Here '''in%''' is the handle of the file that has been opened, '''buffer%''' is a pointer to a four byte '''DIM'''ensioned block of memory, '''A%''' is a temporary variable and on exit '''type%''' contains the file type.
+
Here '''in%''' is the handle of the file that has been opened, '''buffer%'''
 +
is a pointer to a four byte '''DIM'''ensioned block of memory, '''A%''' is a
 +
temporary variable and on exit '''type%''' contains the file type.
  
Note that in some circumstances it is legitimate to ''append'' data to the end of a BBC BASIC program file.  In that case this method of determining the format will not work, since the last four bytes of the file will not be the last four bytes of the program.
+
Note that in some circumstances it is legitimate to ''append'' data to the
 +
end of a BBC BASIC program file.  In that case this method of determining
 +
the format will not work, since the last four bytes of the file will not be
 +
the last four bytes of the program.
  
 
''by JGH, May 2006, originally for BBFW Wiki''
 
''by JGH, May 2006, originally for BBFW Wiki''

Latest revision as of 15:24, 4 December 2017

BBC BASIC programs are usually stored in a tokenised format. Most of the tokens used by different versions of BBC BASIC are the same, but extended tokens are different, and different versions have different line headers. The exceptions are Brandy BASIC and the emulator ElectrEm which both store BASIC as plain text.

Acorn/Wilson format BASIC is stored as:

{<cr> <linehi> <linelo> <len> <text>} <cr> <ff>

Russell format BASIC is stored as:

{<len> <linelo> <linehi> <text> <cr>} <00> <ff> <ff>

BASIC can also be stored as text, as:

{[<text>] [<cr>|<lf>|<cr><lf>|<lf><cr>]}

It can be useful to be able to determine what format a BASIC file is stored in. Different file formats have defined RISC OS filetypes and DOS extensions:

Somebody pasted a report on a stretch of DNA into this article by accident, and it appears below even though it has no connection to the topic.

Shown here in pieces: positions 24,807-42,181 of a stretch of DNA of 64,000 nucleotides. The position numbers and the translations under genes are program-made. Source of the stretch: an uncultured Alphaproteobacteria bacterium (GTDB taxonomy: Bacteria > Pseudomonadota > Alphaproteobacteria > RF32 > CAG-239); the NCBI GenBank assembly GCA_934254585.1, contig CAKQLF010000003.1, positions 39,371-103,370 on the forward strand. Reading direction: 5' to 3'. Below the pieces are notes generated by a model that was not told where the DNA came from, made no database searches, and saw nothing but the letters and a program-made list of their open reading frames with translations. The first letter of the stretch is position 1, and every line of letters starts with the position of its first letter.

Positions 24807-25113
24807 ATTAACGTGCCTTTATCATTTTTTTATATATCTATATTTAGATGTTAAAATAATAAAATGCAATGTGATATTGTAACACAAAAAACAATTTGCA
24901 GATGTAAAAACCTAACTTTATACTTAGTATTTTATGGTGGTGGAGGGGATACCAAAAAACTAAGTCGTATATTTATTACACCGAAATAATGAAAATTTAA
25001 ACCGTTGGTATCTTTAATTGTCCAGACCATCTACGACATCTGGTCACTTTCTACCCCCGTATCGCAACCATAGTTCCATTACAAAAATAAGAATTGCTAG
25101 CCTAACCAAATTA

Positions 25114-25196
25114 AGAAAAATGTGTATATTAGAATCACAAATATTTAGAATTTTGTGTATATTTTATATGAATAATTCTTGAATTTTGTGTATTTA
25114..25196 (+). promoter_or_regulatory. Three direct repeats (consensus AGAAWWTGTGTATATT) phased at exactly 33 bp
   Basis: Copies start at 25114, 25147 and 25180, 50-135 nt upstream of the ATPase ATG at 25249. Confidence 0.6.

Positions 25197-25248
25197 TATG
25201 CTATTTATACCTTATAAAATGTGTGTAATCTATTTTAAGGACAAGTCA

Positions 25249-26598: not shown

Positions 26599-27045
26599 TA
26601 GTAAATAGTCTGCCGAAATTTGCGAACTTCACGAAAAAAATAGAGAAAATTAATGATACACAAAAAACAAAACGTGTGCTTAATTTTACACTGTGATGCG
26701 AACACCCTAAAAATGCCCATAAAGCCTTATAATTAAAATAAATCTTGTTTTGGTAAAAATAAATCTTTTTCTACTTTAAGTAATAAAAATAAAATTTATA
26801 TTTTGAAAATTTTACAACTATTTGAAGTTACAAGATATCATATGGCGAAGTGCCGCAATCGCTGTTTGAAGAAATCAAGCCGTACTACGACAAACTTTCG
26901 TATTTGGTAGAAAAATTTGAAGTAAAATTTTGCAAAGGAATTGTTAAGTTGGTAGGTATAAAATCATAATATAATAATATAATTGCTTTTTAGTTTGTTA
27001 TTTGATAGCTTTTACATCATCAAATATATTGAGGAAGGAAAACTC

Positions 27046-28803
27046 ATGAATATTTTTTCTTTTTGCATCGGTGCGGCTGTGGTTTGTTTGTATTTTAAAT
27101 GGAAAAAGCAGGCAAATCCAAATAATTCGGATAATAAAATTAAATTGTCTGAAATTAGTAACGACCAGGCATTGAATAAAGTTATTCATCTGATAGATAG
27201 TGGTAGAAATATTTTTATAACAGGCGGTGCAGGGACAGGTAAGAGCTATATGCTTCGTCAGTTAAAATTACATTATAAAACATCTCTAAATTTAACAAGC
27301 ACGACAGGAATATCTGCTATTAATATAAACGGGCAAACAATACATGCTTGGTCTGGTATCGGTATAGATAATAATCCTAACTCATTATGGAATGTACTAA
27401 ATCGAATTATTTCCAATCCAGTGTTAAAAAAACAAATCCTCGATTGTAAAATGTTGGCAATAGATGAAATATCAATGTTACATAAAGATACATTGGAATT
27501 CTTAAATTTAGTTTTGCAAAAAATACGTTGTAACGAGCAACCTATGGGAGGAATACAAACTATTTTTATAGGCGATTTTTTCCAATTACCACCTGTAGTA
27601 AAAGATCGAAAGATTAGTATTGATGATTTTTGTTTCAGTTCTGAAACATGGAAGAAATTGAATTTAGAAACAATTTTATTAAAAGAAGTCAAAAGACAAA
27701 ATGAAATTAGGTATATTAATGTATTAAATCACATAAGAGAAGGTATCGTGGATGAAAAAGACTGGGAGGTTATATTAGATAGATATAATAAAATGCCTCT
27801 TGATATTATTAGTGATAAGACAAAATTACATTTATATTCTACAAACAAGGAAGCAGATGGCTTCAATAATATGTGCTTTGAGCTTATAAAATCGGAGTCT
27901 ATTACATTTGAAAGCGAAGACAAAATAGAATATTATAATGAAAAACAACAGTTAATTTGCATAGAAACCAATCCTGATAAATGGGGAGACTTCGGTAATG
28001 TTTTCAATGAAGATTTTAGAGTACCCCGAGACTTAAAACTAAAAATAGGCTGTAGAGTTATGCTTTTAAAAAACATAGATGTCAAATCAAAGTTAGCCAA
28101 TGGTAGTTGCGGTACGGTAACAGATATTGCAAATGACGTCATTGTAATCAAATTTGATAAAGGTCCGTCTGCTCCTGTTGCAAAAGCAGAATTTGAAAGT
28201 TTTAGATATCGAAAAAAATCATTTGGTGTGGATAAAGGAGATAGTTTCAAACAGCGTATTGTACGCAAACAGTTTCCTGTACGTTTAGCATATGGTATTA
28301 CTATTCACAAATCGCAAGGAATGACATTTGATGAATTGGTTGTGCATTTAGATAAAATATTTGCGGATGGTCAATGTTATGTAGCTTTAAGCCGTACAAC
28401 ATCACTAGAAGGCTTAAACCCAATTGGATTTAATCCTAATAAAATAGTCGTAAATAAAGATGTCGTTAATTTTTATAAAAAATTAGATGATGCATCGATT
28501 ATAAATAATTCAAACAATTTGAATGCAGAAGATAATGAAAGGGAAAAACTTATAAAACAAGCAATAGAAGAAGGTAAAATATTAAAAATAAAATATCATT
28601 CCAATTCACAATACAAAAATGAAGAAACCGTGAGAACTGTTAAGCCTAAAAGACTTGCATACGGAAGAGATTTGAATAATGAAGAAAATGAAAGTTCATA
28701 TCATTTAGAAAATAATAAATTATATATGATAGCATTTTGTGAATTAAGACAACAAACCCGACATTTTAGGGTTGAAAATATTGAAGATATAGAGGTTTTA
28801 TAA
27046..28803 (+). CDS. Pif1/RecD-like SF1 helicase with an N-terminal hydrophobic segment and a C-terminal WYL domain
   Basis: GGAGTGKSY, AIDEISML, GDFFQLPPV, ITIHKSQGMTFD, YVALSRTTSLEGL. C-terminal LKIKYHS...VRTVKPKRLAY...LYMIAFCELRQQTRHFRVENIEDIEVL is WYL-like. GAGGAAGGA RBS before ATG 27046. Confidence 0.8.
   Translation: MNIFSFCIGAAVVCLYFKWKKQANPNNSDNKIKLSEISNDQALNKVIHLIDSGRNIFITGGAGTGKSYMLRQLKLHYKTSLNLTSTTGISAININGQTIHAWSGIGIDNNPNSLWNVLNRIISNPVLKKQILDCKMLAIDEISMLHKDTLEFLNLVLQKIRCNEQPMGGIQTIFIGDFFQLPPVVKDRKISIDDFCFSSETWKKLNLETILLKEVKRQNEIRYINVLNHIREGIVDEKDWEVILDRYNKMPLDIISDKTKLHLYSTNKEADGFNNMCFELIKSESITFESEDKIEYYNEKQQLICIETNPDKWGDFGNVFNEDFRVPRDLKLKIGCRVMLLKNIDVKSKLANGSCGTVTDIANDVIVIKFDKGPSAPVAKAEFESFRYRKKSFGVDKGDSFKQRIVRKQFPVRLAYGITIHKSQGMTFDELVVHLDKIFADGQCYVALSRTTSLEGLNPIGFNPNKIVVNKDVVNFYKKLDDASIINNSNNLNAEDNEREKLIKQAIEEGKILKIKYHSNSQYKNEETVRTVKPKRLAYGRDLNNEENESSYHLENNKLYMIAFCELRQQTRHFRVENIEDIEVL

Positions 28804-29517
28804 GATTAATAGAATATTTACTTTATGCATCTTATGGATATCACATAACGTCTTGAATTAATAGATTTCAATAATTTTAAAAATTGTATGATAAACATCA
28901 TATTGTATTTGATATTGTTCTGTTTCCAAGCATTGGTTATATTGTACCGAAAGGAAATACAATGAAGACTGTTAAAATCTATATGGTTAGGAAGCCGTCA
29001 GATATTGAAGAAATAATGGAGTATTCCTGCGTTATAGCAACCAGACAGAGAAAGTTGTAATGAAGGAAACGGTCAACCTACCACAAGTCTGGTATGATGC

Format RISC OS filetype File extension
Acorn/Wilson &FFB "BASIC" "." or ",ffb"
Russell &1C7 "Basic8" ".bbc"
Text/Brandy/ElectrEm &FFF "Text" or &FD1 "BASICtxt" ".bas"

However, you should never assume a file's format from its filetype or extension. Assuming a BASIC program has been saved normally, and there is no extra data appended to the end of the file, the format can be easily determined by looking at the final few bytes of the file:

<cr><00><ff><ff> - Russell format (Z80, 80x86)
<xx><xx><cr><ff> - Wilson/Acorn format (6502, 32000, ARM, PDP11)
<xx><xx><cr><lf> - text CR/LF terminated
<xx><xx><lf><cr> - text LF/CR terminated
<xx><xx><xx><lf> - text LF terminated (Brandy)
<xx><xx><xx><cr> - text CR terminated
<xx><xx><xx><xx> - unrecognised

The following code will examine the last four bytes of an open file and determine what format it is:

   PTR#in%=EXT#in%-4:FOR A%=0 TO 3:buffer%?A%=BGET#in%:NEXT
   type%=0                                       :REM unknown
   IFbuffer%?3=&0D                      :type%=7 :REM text cr
   IFbuffer%?3=&0A                      :type%=6 :REM text lf
   IF(!buffer% AND &FFFF0000)=&0D0A0000 :type%=5 :REM text lfcr
   IF(!buffer% AND &FFFF0000)=&0A0D0000 :type%=4 :REM text crlf
   IF(!buffer% AND &FFFF0000)=&FF0D0000 :type%=2 :REM 6502 format
   IF!buffer%=&FFFF000D                 :type%=1 :REM 80/86 format

Here in% is the handle of the file that has been opened, buffer% is a pointer to a four byte DIMensioned block of memory, A% is a temporary variable and on exit type% contains the file type.

Note that in some circumstances it is legitimate to append data to the end of a BBC BASIC program file. In that case this method of determining the format will not work, since the last four bytes of the file will not be the last four bytes of the program.

by JGH, May 2006, originally for BBFW Wiki